- If demand for the 10-year bond is less than the supply then the asking interest rate will trend higher until demand improves so supply and demand are equalized. That’s how it works. It’s as simple as that.
The effect of Quantitative Easing on interest rates
So let’s get back to the quantitative easing program that The Fed employed to stimulate the economy out of the Great Recession. When The Fed purchased huge quantities of U.S. treasury bonds they in affect artificially increased the demand for treasuries thereby lowering treasury yields.
The impact of China dumping U.S. Treasuries
Do you remember when Donald Trump won the U.S. presidency the 10-year treasury rate zoomed up 70 basis over night? The reason given at the time for the increase was that the economic policies of a Trump administration would be good for the U.S. economy resulting in inflationary pressure on the dollar. Doesn’t that disprove my thinking that treasury rates are all about supply and demand? It would poke a big hole in my theory if it were true. But it isn’t. What really happened was that China was going through a severe liquidity crisis at the time which required the People’s Bank of China to sell massive amounts of U.S. treasury bonds. So what happens when the supply of U.S. bonds increases? The interest rate must increase to increase the demand commensurately. And that is exactly what happened when China dumped U.S. treasuries. Our treasury rates zoomed up overnight.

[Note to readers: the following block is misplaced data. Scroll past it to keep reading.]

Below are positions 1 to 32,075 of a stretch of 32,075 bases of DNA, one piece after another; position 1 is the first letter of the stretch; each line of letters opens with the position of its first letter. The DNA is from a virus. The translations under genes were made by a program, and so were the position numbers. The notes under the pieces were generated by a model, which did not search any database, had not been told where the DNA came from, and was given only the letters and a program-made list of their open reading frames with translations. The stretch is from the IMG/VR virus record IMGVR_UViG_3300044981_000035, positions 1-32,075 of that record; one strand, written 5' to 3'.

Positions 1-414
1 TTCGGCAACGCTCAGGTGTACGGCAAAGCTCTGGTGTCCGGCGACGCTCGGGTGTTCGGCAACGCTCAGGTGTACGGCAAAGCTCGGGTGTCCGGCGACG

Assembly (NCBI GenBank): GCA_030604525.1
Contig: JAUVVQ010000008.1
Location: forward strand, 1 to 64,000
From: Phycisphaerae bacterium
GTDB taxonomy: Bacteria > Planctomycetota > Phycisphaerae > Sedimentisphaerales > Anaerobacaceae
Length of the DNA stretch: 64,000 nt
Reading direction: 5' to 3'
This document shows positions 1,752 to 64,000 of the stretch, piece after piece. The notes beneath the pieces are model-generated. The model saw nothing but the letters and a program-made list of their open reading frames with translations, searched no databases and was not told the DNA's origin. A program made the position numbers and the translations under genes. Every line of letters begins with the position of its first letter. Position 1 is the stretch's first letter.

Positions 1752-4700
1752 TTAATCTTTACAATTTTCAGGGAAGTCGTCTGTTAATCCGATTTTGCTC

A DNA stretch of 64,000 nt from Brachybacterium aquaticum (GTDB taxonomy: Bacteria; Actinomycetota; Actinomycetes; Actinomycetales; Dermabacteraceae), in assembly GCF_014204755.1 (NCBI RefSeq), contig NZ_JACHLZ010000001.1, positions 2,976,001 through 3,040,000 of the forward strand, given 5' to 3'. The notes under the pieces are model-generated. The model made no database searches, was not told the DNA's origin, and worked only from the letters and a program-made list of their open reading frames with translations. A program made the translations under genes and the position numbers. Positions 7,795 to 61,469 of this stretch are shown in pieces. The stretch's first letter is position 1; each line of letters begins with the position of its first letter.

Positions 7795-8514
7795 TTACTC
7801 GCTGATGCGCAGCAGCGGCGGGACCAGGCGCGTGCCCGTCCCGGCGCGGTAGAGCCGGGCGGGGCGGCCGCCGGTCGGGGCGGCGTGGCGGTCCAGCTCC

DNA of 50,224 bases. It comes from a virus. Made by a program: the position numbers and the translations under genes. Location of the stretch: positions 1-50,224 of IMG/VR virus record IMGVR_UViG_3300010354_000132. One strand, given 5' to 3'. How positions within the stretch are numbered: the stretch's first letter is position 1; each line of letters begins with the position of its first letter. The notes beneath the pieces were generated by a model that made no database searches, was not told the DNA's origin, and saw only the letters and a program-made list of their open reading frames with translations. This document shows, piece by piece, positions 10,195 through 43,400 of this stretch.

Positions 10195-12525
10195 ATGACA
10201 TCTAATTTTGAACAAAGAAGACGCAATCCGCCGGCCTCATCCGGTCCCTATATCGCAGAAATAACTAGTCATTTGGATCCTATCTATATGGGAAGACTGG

Why treasury yields will likely remain low
Where are interest rates going in the years ahead? Understand this: The Federal Reserve is only one of several central banks worldwide. In order to stimulate the Japanese and European economies over the past several years the central banks of Japan and Europe have artificially lowered interest rates to near zero using their version of quantitative easing.
Let’s say you’re a Japanese citizen and you have a choice of investing your excess cash in a Japanese 10-year bond at 0.2% or you could invest your cash in a U.S. Treasury bond at 2.0%. Which would you choose? Also let’s say the U.S. dollar is appreciating 10% in value when compared to the Japanese yen. So instead of getting a 2% return on their U.S. treasury note they are now getting a 12% return. Which would you choose? It’s a no-brainer, isn’t it? And that’s what’s been happening.
So to understand future treasury rates you need to understand the concept of the Law of Supply and Demand. As long as U.S. Treasury yields are higher than bond yields from other nations, U.S. treasury rates will continue to stay low because demand for our treasuries will remain high. It’s as simple as that. Until the global situation changes, U.S. Treasury yields will likely remain low.
Are negative interest rates possible in the U.S.?
One more thought and then I’ll shut up. What happens when the next recession hits the U.S. and normal economic stimulus is not sufficient to revive the economy? Don’t be surprised if The Fed manipulates interest rates to near zero or possibly even encourages negative interest rates by using Quantitative Easing once again. I think that is likely. If so, what happens to all those real estate investors who’ve locked in long term interest rates? They don’t get the opportunity to take advantage of these historic rates. And what happens to those investors who can? They make out like bandits.
So the next time a lender or mortgage broker encourages you to lock in that low rate for 10 years or longer, think twice. Is that really a good decision? I don’t think so. That’s my opinion. I welcome yours. What do you think?
Past articles on interest rates you may find of interest: A Bubble in Search of a Pin: The Unintended Consequences of Low Interest Rates and Negative Interest Rates – Coming to a Bank Near You!